- Between about 2001 and 2003 psychiatrist Rex Cowdry was Medical Director of NAMI. He spent 23 years at NIMH and was its acting director (1994-1996) during which time he told Congress—are for than 40 years of federal funding and while demanding millions more—“We do not know the causes [of mental illness.] We don’t have methods of ‘curing’ these illnesses yet.”
- On February 12, 2001, NAMI sent out a press release heralding the approval by the FDA of Geodon. When the drug had come up for approval in 1998 the FDA refused to approve it due to concerns about a heart beat irregularity that can be caused by it, leading to sudden death. However, NAMI intervened directly, and soon the FDA was singing a different tune about Geodon. By April 2001, Geodon had already been approved for use in 46 state Medicaid systems. Pfizer may have received an assist on this from NAMI in their “grass roots advocacy” lobbying of the federal Health Care Finance Administration (HCFA Medicaid and Medicare oversight agency) to force Medicaid to pay for atypical (new) antipsychotics.
- In a 2006 lawsuit filed by the “Local 28 Sheet Metal Workers,” a union health and welfare fund, against Eli Lilly it is alleged that the drug company’s funding of and partnership with NAMI in the late 90s/early 2000s was “designed to accomplish through a non-profit organization what it could not on its own: giving the appearance of independent analysis and a grassroots movement encouraging the use of atypical antipsychotics by state and private insurers.” According to the lawsuit: “The scheme worked and Lilly certainly benefited from its significant donations to NAMI. Zyprexa was the leading antipsychotic in the world in 2000, capturing nearly 40% of the global antipsychotic market. A year later, Zyprexa was sixth highest selling pharmaceutical product in the world, with $3.2 billion in sales.”
- It also reports that in 2001 the “Access to Effective Medications” brochure produced by NAMI National for legislators and paid for by Lilly—lays out a blueprint for nationwide NAMI lobbying of state governments to reduce or remove any limitations for atypical antipsychotics, again down playing the side effects of such drugs.” (Point 176)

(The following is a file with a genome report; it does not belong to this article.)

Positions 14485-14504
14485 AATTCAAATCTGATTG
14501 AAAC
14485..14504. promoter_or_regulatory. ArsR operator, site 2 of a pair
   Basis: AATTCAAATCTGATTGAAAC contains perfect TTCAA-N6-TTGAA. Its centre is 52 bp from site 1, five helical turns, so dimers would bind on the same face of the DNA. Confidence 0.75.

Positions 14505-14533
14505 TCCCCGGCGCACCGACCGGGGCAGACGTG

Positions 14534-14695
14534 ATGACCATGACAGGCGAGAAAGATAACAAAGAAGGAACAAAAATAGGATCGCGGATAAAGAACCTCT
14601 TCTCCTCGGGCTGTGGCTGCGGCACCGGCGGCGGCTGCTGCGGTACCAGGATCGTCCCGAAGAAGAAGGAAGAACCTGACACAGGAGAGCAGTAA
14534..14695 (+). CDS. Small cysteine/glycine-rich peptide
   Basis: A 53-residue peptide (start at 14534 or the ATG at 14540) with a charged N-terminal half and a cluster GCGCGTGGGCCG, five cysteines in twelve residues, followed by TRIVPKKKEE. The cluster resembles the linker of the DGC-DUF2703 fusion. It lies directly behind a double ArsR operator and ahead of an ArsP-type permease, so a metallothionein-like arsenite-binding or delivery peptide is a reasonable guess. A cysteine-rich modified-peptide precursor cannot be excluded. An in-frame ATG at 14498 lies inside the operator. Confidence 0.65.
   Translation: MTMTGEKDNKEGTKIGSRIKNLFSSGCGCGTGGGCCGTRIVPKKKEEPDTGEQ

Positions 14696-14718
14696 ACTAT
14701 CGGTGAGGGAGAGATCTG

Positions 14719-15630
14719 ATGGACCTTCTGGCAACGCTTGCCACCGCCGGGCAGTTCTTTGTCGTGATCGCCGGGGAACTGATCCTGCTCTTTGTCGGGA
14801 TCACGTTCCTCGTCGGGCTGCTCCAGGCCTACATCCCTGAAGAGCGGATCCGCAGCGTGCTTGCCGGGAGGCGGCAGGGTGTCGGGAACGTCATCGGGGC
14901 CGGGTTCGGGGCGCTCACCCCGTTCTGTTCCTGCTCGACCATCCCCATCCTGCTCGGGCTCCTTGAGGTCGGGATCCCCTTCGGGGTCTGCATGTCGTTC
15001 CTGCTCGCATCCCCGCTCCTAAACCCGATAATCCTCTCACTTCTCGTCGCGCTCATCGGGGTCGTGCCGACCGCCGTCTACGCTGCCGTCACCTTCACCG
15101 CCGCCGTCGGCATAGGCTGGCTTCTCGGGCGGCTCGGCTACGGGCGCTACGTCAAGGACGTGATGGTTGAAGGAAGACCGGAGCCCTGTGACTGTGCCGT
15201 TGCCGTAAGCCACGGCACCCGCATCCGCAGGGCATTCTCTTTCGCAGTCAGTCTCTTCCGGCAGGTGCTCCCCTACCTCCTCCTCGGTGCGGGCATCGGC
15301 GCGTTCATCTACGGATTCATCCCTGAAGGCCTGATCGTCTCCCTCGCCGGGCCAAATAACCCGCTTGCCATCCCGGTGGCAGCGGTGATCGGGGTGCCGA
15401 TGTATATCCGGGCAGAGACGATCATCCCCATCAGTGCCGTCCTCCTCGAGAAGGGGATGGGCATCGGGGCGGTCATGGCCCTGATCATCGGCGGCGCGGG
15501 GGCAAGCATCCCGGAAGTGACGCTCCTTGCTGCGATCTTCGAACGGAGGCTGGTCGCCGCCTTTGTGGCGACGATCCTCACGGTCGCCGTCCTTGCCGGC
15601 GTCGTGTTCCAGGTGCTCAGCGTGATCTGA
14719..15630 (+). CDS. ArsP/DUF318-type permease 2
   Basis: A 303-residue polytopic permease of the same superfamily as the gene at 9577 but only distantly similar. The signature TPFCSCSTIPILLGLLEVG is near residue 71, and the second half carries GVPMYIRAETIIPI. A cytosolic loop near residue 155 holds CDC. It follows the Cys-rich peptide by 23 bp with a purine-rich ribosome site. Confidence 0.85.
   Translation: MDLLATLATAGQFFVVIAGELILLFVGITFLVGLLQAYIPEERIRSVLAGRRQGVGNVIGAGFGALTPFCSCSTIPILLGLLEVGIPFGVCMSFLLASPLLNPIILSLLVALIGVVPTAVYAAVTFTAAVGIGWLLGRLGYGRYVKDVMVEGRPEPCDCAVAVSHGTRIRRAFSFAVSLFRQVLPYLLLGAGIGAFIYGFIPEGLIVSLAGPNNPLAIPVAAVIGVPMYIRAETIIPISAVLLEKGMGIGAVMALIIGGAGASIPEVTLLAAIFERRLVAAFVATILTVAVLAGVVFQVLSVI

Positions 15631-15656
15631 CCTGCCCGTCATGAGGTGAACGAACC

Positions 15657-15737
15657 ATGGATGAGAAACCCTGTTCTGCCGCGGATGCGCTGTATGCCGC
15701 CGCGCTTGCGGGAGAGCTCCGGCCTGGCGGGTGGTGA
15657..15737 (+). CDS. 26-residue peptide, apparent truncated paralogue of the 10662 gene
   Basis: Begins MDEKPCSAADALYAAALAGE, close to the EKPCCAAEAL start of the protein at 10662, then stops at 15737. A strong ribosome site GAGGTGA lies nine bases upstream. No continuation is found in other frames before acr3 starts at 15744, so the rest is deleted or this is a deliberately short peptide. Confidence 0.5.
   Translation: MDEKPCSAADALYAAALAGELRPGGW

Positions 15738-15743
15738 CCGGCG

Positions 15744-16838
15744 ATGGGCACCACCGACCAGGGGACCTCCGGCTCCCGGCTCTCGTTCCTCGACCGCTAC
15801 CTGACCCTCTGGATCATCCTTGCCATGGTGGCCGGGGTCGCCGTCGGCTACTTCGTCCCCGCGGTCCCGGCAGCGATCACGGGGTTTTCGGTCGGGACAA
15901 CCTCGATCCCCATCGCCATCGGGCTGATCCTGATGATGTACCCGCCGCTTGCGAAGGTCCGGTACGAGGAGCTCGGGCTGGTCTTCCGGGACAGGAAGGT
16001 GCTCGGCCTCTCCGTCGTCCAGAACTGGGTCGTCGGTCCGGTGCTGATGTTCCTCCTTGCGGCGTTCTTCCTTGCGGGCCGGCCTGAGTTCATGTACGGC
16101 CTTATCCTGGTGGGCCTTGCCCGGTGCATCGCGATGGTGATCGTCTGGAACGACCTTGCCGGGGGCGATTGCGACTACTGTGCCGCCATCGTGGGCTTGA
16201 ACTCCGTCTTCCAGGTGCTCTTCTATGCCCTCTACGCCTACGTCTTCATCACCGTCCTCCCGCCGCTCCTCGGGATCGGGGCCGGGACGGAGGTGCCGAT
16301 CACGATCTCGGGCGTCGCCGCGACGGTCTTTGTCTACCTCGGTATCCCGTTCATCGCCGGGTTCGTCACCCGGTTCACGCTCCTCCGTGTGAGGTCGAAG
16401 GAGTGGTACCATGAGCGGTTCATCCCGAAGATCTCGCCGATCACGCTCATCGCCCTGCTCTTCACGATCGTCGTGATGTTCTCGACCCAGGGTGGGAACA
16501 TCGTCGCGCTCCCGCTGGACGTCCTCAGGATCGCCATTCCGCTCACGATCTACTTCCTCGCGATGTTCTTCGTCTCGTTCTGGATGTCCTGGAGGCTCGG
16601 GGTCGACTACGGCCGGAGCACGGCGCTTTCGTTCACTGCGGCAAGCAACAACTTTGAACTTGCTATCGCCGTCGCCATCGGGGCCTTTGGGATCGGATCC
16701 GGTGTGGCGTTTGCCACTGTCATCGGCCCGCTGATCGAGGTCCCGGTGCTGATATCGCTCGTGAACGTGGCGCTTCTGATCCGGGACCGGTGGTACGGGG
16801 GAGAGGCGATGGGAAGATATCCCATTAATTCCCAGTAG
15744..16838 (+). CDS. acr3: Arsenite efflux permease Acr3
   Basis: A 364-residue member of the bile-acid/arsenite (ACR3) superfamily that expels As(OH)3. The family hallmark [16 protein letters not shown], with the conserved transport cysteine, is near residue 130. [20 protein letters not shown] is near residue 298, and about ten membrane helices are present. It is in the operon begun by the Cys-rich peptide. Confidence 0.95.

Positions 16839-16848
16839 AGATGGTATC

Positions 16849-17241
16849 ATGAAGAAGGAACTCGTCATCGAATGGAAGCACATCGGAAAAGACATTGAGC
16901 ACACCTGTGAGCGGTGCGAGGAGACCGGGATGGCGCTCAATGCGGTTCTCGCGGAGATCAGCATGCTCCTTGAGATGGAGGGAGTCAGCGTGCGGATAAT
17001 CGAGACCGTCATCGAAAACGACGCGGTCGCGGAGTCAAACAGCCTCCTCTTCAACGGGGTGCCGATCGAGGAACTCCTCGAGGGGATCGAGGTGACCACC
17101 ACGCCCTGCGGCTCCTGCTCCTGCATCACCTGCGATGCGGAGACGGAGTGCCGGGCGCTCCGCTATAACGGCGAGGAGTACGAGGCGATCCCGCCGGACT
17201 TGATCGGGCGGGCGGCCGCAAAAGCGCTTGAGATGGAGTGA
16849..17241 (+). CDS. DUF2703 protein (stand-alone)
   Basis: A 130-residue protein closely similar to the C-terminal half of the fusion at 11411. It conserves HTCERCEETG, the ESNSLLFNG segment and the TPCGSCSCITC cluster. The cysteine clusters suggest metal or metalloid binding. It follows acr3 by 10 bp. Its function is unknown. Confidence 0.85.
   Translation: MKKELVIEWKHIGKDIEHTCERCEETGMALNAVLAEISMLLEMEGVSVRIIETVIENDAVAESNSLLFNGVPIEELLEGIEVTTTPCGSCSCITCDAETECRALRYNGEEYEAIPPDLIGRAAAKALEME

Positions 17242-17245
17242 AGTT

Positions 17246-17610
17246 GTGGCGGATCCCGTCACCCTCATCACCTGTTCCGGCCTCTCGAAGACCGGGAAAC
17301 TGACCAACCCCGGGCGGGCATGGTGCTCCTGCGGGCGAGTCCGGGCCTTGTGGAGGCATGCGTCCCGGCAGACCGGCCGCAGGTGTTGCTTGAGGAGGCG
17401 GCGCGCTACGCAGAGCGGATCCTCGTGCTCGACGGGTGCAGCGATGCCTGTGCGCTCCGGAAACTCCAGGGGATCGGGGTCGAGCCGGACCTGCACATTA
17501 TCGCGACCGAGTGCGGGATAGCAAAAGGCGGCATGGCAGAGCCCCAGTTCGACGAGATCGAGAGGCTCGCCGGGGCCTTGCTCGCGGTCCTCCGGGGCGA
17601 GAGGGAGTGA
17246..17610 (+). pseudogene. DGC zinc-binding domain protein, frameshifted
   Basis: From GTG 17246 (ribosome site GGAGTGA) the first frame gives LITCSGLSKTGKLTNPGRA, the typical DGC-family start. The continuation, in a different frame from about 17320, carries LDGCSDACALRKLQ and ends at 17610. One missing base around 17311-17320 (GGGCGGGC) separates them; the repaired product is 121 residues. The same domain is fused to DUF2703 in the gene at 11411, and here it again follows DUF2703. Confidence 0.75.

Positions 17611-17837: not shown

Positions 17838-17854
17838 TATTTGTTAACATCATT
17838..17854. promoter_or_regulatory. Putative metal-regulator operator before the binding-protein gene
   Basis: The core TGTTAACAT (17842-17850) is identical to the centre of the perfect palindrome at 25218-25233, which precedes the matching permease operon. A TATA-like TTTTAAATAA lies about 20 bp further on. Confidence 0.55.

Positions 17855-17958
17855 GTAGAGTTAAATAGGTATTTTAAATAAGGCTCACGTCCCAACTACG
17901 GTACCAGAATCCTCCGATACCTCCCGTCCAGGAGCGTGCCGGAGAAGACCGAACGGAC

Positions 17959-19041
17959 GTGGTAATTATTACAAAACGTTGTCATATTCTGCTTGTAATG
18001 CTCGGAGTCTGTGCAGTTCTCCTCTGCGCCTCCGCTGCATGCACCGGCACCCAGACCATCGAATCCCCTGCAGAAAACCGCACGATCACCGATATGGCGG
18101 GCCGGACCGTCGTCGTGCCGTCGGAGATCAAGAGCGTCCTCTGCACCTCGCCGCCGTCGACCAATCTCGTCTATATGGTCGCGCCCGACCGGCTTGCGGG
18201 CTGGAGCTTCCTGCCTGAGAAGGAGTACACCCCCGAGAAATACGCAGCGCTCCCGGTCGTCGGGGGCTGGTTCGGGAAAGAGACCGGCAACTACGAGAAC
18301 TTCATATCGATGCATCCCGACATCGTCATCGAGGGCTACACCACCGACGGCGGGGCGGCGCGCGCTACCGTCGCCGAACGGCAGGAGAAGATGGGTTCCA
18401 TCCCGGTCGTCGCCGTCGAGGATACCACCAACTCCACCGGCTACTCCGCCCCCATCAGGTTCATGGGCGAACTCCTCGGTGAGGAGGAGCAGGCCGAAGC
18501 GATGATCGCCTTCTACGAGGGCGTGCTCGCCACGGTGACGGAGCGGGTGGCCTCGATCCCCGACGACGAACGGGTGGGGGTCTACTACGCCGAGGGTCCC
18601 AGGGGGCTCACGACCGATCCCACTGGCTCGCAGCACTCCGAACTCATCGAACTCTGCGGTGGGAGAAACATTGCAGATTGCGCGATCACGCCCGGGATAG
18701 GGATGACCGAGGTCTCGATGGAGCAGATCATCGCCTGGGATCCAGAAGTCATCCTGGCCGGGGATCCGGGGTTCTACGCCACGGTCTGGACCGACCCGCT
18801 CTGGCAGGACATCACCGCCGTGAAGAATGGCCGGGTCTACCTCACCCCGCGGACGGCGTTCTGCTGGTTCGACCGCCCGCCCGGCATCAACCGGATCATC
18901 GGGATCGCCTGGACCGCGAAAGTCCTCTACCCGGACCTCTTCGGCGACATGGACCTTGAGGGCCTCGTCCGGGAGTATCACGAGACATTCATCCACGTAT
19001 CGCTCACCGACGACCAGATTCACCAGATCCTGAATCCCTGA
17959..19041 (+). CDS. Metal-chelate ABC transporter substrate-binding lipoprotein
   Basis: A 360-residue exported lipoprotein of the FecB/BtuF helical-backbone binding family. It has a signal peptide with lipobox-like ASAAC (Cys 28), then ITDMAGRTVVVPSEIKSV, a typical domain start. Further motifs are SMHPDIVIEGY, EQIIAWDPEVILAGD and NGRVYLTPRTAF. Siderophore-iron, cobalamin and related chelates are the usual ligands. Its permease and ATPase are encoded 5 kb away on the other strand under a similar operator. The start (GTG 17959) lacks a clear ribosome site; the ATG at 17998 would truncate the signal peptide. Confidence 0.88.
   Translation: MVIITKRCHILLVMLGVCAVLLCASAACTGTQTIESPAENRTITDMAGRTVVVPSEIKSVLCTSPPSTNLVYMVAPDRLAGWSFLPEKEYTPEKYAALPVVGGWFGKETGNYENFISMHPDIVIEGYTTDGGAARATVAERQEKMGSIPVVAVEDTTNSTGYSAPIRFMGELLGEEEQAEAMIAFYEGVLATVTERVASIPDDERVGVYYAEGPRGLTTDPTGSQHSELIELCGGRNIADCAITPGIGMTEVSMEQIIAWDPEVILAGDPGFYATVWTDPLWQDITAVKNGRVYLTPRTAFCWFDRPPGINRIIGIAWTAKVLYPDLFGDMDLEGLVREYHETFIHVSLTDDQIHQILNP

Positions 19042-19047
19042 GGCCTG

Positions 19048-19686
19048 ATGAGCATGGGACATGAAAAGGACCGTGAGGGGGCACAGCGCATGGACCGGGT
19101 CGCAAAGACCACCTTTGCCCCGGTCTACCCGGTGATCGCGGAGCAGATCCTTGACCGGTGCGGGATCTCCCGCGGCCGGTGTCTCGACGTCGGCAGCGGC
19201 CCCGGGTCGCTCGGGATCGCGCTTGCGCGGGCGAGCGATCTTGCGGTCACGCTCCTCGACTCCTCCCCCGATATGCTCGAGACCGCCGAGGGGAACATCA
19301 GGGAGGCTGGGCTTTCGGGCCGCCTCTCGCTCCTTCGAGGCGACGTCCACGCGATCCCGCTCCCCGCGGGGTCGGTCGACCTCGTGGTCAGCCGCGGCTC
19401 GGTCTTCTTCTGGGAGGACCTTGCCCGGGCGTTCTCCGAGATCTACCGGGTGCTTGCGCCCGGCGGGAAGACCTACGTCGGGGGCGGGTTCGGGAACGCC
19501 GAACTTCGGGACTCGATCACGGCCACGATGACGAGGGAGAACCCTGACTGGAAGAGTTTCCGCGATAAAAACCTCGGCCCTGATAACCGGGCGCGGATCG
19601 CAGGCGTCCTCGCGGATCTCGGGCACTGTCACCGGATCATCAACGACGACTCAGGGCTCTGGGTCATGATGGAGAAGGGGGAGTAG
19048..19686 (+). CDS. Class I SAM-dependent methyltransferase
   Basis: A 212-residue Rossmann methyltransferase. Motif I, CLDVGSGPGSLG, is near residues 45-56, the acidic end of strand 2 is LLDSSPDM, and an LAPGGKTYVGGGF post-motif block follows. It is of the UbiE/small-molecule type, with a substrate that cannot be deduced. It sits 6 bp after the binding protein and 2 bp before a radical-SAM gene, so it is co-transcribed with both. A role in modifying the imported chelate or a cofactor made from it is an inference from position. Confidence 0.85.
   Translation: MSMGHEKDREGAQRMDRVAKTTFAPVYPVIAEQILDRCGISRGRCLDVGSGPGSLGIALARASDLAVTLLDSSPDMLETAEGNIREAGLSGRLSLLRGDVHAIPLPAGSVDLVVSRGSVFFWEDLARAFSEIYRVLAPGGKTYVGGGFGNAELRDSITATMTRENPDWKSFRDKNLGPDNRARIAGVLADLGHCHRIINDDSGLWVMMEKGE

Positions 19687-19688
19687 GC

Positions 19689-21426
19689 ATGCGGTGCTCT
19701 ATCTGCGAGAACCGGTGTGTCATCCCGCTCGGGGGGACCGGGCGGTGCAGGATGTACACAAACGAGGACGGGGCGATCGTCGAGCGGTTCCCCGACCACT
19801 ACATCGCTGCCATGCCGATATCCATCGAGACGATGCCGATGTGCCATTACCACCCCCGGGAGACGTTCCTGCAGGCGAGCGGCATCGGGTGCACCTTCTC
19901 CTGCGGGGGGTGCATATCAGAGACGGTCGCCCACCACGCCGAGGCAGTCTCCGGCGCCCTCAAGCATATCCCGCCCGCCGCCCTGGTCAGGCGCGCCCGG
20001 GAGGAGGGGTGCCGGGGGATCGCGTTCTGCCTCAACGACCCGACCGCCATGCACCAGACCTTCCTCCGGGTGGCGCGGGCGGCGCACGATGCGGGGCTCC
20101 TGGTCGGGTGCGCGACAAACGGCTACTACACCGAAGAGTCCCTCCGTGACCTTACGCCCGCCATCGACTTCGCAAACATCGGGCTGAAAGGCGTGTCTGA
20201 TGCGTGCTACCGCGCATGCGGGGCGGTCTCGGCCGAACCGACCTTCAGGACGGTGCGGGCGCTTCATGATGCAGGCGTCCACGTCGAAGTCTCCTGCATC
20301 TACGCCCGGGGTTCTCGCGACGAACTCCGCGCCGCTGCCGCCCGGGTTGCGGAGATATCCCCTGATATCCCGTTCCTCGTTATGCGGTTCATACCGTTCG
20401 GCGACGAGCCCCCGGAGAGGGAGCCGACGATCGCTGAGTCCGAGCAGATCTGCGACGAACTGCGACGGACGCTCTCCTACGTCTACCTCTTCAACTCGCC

- In April 2002, the Government Accounting Office issued a report entitled “VA Health Care: Implementation of prescribing guideline for atypical antipsychotic drugs generally sound.” The VA’s policy on antipsychotic drugs was simply to ask psychiatrists to use less expensive one, which the GAO found was a sound policy. The VA was trying to control costs, since the cost of antipsychotic drugs for the agency had shot up 29% from $123 million in 2000 to $158 million in 2001, and was eating up 7% of the VA’s total drug budget. NAMI and the National Mental Health Association (Mental Health America) were cited as the lone critics of the GAO policy. This was cited in a similar lawsuit to the Sheet Metals union, but filed in 2006 by the Sergeants Benevolent Association and Health and Welfare Fund on behalf of itself and others (Point 198 of lawsuit).
- Such a policy would have no effect whatsoever but to continue to drive up VA usage of the most expensive antipsychotics, sending greater and greater revenues to the drug makers who donate so generously to NAMI.
- No doubt unknown to the GAO was that both groups had helped Big Pharma devise a psychiatric drug plan (see TMAP below) that pushed the most atypical antipsychotics for states’ use.
- On December 18, 2003, The New York Times also reported how NAMI had bused scores of protestors to a hearing in Frankfort, Kentucky, took out full page ads in newspapers, and sent angry faxes to state officials, all protesting a state panel proposal to exclude the antipsychotic drug Zyprexa from Medicaid’s list of preferred medications. According to the article, “What the advocacy groups did not say at the time was that the buses, ads and faxes were all paid for” by the manufacturer of Zyprexa, Eli Lilly.
NAMI’s Many Faces
- The National Alliance for the Mentally Ill Children and Adolescents Network (NAMI-CAN) was formed in May 1990. It produced newsletters that ran initial articles touting the benefits of SSRI antidepressants, newly on the market in 1988, such as “Serotonin and the Neurobiology of Depression” Under its website, it is “extremely pleased” that the New Freedom Commission report (NFC) on mental health “calls for mental health screening” and particularly the use of TeenScreen, a non-scientific questionnaire that could label and stigmatize any child as “depressed” and requiring dangerous antidepressants. It calls on its members to report to NAMI national any “anti-screening attacks.”